There were some tumultuous times. We were discovering each other and trying to figure out if we could make a lifelong commitment to each other. For a time, I was troubled by doubts. Michael’s response was to sell a catalog of his work, buy me an airplane ticket to California to see my oldest friend Fern, so I could decide if I wanted to stay with him. True friendship, the bedrock of who we were together. We got married the next year.

We grew stronger together with each passing year. And we grew stronger as individuals. Michael was a feminist and I benefited constantly from his support and irritating pushing. I think he’d say the same thing about me. We made babies and lived through failures and deaths and uncertainty. We had hard times and incredible joy. We were constantly amazed that we were never bored with each other and that our passion kept growing, right alongside that steady friendship which was our go-to place when times were tough. It hauled us through everything.  

And then Merkel cell cancer entered our lives. That wasn’t supposed to happen. Michael, whose youth was spent lifeguarding and doing water sports was a red haired guy with a family history of skin cancer. So he faithfully got checked every three months and had multiple growths removed, as did his parents. Nasty Merkel came fast and hard. His dad died at 98 and his mother is still alive. How could he have this dreadful prognosis of only a few months? Impossible. I became a researcher. Those few months he was given to live in 2013 turned into years as we pushed for treatments. Our years in tandem served us well, as we sunk in despair and then pulled each other up to be the best we could be with each other as long as we could. We made memories which cushion this time without him. He left me music, a mourning quilt made of his clothes and a heart necklace engraved with his writing. And stacks of notes and letters that surround me with love.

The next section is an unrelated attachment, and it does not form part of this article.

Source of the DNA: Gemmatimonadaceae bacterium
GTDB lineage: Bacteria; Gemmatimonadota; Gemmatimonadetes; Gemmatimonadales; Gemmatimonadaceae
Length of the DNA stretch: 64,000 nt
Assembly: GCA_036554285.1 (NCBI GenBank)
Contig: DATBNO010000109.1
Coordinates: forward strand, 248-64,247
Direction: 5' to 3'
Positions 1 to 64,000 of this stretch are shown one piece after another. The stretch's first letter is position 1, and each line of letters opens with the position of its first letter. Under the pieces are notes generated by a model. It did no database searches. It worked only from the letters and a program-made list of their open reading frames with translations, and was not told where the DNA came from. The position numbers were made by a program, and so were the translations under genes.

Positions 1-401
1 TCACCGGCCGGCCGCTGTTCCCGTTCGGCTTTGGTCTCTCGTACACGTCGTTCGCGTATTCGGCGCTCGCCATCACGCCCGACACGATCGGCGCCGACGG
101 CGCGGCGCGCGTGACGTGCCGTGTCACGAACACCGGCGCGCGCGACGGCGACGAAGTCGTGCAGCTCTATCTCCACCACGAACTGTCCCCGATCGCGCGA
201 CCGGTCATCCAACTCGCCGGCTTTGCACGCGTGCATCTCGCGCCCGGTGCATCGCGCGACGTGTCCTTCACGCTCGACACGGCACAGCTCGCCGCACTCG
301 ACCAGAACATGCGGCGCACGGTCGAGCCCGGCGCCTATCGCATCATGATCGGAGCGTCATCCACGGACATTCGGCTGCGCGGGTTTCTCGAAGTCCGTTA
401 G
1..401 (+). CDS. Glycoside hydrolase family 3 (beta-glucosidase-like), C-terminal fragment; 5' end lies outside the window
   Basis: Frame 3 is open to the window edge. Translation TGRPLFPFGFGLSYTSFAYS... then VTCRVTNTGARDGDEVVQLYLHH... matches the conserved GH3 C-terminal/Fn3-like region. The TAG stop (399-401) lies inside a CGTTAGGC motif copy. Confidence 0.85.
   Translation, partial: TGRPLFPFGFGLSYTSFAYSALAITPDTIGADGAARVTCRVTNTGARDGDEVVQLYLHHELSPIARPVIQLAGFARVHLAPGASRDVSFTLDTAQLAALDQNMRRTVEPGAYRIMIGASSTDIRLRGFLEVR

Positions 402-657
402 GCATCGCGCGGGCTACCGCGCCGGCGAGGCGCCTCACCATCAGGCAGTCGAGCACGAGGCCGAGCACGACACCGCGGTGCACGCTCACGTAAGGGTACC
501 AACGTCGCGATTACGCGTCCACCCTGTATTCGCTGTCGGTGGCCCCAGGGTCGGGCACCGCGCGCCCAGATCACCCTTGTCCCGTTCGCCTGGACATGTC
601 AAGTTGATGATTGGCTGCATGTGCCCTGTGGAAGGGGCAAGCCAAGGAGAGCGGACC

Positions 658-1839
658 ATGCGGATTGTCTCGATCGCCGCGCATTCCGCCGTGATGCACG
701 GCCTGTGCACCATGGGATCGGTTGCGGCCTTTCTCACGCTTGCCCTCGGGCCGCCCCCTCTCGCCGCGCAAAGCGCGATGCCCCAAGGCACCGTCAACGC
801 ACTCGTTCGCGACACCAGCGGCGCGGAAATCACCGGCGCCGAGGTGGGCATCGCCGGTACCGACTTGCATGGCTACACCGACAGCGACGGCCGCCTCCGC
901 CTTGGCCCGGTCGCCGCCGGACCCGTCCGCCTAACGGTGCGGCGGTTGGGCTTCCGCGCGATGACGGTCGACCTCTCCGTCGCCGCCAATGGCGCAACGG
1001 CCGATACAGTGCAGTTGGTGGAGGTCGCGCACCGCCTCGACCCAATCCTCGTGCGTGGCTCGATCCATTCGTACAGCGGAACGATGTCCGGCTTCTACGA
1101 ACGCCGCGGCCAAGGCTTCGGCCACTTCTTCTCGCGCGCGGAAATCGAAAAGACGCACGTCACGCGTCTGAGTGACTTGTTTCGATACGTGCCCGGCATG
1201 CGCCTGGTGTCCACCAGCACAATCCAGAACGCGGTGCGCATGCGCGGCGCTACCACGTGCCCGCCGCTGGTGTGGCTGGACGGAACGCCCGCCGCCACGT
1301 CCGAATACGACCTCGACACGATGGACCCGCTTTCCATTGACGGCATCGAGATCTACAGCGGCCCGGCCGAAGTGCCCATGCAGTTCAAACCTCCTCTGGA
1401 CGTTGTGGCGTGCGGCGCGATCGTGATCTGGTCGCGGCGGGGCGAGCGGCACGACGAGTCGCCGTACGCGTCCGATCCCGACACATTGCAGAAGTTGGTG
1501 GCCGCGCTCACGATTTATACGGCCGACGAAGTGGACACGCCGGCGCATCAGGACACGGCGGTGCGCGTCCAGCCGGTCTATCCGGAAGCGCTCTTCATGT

So when I say I don’t want to be with anyone for companionship, it’s because I’ve already had the best friend and best love I can imagine. And I had it for a full life, not my whole life, but a rich, extended one. I’m not lonely, except for him. The rest of the time, I’m busy trying to find the most positive ways to finish off what’s left of my time.

Like compiling Michael’s humor and writing for our kids. Like writing this blog and the story of our journey through a rare disease. Like appreciating nature and music and taking classes and being a good mom, grandmother and friend. When I think of Michael watching me fend off unasked for advice from well-meaning people, I know he’d be pissed off and select one of his choice dismissive phrases and tell me to have at it. So I will.

Take a hike, people. I know what I want, thank you very much.